Another ingenious idea that similar stories don’t have is that time travel itself is instantaneous. Usually in a time travel scene in a film or TV show, the director is allowed to go wild and present quasi-existential, high art sequences like in Time After Time or Star Trek IV: The Voyage Home. Or audiences witness sped-up sequences like in The Time Machine. With Back to the Future, the excitement instead lies with the time-traveling DeLorean building up enough speed to break the time barrier. It goes without saying that the electrifying fx, Alan Silvestri’s bombastic score, and quick editing add to the thrill of watching Marty accelerating the car to 88 mph.
Stylish Time Travel
Speaking of the car, the time-traveling DeLorean has become one of the most identifiable and iconic vehicles in cinema history. The long-discontinued car, the DeLorean DMC-12, with its unique stainless steel exterior and gull-wing doors has become synonymous with Back to the Future.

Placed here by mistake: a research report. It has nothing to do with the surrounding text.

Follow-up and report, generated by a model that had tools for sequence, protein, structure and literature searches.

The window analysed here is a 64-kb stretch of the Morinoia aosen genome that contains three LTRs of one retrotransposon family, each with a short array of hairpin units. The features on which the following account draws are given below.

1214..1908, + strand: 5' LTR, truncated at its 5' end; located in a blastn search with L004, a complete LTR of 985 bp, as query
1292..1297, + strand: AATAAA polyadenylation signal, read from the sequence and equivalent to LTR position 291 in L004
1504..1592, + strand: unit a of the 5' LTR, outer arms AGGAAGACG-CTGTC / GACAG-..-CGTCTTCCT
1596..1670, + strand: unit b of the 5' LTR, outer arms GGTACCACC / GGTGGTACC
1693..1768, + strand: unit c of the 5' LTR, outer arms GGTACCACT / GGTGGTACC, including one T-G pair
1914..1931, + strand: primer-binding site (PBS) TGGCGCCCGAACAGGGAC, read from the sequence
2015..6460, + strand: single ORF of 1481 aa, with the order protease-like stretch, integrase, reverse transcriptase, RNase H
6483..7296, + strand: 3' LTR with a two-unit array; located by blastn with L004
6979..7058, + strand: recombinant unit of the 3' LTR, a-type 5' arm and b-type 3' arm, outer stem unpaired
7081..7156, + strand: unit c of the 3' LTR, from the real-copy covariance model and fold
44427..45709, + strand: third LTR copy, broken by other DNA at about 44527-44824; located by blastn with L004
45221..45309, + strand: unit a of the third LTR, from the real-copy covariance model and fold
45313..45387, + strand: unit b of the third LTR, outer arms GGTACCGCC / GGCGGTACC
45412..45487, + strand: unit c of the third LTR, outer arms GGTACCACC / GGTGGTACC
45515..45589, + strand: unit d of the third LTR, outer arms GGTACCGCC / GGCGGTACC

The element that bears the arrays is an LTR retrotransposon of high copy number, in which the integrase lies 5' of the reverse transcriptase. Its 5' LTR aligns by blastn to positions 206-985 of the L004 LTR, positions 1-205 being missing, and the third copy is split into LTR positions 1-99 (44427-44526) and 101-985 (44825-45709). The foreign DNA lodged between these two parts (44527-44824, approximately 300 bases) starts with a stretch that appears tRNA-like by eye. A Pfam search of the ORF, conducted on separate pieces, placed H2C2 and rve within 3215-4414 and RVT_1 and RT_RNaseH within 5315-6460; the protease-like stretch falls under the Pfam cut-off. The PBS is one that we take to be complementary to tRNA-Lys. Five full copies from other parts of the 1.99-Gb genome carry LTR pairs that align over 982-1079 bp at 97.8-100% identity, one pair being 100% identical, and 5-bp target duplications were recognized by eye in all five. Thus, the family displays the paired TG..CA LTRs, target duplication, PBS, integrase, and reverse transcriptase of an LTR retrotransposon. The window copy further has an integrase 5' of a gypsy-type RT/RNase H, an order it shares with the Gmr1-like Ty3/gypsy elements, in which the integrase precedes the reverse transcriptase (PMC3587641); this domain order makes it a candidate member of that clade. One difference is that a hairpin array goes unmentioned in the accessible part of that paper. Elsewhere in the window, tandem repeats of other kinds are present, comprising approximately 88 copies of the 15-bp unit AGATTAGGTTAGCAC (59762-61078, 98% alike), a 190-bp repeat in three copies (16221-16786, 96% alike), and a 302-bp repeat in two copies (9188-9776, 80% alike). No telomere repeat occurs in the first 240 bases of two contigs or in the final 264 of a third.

In reality, the car didn’t handle well and had low hp, but it looked so damn cool as it revved up to 88 mph thanks to Doc Brown’s modifications. On a personal note, while many genre fans are enamored with famous cars and vehicles like the Batmobile or the James Bond cars, my preference is the DeLorean.